This article originally appeared in TidBITS on 2013-06-10 at 5:00 p.m.
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iWork for iCloud Beta Recalls

by Adam C. Engst

Remember the unmitigated disaster that was Apple closed the service last year, after three embarrassing years during which never made it out of public beta (see “Apple Finally Puts Out of Its Misery [1],” 12 March 2012). Apple seems hell-bent on repeating the exercise, with a developer beta of iWork for iCloud starting now, and a public beta scheduled for later this year.

iWork for iCloud is essentially a port of Pages, Numbers, and Keynote to the Web, enabling you to work on your iCloud-stored documents in a Web browser, just as though you were using the appropriate app on a Mac or iOS device. It seems to work, and is an impressive demonstration of what can be done in a Web browser. It remains to be seen if all features are fully supported or if, by editing a document via iCloud, you’ll be losing more advanced aspects of the document, as is still the case when moving between iOS and OS X.

But who would want to use it, and why is Apple wasting time on it?

The obvious use case is someone who has a Mac at home but must use Windows at work, or a college student who wants to use public computers in the library to work on documents instead of carrying (or buying) a MacBook. Obvious, perhaps, but nonsensical — why would Apple want to make it easy for someone to avoid using a Mac or iPad, especially if the experience isn’t as good as either (which seems likely)?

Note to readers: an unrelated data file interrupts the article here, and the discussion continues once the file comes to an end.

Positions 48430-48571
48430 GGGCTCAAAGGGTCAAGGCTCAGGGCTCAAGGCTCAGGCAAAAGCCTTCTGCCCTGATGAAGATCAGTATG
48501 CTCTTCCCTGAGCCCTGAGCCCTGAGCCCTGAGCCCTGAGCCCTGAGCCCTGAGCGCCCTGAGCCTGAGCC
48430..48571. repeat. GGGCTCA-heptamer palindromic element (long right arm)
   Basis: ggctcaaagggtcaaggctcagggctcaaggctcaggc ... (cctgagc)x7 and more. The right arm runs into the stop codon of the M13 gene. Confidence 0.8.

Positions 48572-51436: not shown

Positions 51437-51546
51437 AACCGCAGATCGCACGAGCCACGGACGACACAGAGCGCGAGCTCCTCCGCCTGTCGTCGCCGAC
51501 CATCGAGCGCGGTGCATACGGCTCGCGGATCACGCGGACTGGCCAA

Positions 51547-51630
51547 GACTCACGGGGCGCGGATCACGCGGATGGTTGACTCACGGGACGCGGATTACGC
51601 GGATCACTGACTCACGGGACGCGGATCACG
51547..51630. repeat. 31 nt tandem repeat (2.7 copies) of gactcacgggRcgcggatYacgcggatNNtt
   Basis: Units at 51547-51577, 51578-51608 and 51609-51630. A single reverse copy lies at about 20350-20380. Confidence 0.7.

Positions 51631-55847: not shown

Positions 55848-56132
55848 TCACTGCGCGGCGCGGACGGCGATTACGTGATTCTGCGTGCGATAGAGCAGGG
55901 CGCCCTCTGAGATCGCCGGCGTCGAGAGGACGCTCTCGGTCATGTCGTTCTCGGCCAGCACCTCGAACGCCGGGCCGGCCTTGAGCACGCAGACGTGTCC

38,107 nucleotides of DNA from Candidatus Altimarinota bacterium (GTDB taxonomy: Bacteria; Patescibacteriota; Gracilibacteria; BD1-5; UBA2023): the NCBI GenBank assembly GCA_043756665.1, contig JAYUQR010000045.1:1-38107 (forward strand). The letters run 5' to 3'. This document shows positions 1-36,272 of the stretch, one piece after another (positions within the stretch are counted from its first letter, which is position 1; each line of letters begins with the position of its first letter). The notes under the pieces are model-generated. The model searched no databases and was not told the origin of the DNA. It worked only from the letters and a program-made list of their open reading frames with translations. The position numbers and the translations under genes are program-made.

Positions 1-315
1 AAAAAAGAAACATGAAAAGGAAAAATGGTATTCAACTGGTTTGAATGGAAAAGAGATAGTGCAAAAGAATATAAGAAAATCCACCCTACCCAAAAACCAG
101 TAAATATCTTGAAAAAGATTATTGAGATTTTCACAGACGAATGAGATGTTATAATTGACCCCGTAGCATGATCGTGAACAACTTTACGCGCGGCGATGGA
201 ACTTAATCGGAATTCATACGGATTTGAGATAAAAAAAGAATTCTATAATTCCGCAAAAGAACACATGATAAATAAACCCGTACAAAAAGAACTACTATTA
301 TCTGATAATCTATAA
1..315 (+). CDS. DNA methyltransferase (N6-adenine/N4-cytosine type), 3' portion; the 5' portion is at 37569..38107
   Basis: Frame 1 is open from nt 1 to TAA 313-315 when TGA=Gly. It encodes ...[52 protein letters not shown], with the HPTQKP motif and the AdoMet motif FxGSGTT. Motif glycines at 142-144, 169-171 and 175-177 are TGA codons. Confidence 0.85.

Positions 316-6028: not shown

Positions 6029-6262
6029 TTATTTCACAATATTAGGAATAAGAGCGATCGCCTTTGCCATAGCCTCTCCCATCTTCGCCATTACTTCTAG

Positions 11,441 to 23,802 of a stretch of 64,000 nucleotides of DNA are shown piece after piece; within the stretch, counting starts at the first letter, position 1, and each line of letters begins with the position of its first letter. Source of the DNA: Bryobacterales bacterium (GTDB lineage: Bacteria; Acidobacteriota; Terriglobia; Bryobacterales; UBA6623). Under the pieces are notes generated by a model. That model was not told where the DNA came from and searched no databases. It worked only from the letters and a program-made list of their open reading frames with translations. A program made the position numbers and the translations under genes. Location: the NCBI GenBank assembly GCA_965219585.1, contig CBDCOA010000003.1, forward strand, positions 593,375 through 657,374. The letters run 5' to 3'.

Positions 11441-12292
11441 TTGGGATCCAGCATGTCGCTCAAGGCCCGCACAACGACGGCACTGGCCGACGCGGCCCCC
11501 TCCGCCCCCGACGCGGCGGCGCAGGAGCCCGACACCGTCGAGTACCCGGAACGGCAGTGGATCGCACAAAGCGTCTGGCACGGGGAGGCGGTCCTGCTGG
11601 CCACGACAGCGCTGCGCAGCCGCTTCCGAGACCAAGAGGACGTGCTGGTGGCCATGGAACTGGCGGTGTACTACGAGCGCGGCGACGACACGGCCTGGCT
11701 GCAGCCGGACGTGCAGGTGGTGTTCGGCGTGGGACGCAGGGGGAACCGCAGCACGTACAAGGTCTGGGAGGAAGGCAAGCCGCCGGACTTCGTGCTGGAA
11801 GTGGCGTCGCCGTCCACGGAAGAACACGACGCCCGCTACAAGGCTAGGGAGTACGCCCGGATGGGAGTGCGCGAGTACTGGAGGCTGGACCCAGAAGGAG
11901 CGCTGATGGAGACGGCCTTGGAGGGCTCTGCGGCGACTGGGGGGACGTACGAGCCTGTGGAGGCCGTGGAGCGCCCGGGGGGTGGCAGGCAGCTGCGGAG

The answer certainly isn’t because of collaboration — the apps in Google Drive get a pass for being fairly feature-weak because of their fabulous collaboration features — since the only way to share a document in iWork for iCloud is as an email attachment. It’s really quite lame and just the latest example of how Apple’s comprehensive lack of awareness as to the importance of collaboration in the modern world drives people to competing services. (And don’t tell me that people who need to collaborate aren’t Apple’s core audience — we darn well are, and are forced to avoid so many Apple services purely because of this blind spot.)

A thought did occur to me, and I have absolutely no evidence to back this up, but what if iWork for iCloud isn’t so much an example of Apple’s prowess in writing Web apps that can mimic desktop apps, but a way of testing out a technology that essentially runs code from iCloud within a JavaScript-based runtime environment? In other words, what if Apple hasn’t written three different Web apps, but is instead somehow running something close to the existing Mac or iOS code in a sort of virtual machine? If so, perhaps we might expect to see an iCloud version of Maps as well, and that could inform all sorts of speculation as to an app-based future for iCloud.

That is of course merely guesswork, but back in the real world, Apple did say that we could expect to see updates to the iWork apps later this year. Since Pages, Numbers, and Keynote haven’t seen significant updates or even much in the way of bug fixes for over four years, some attention there will be welcome.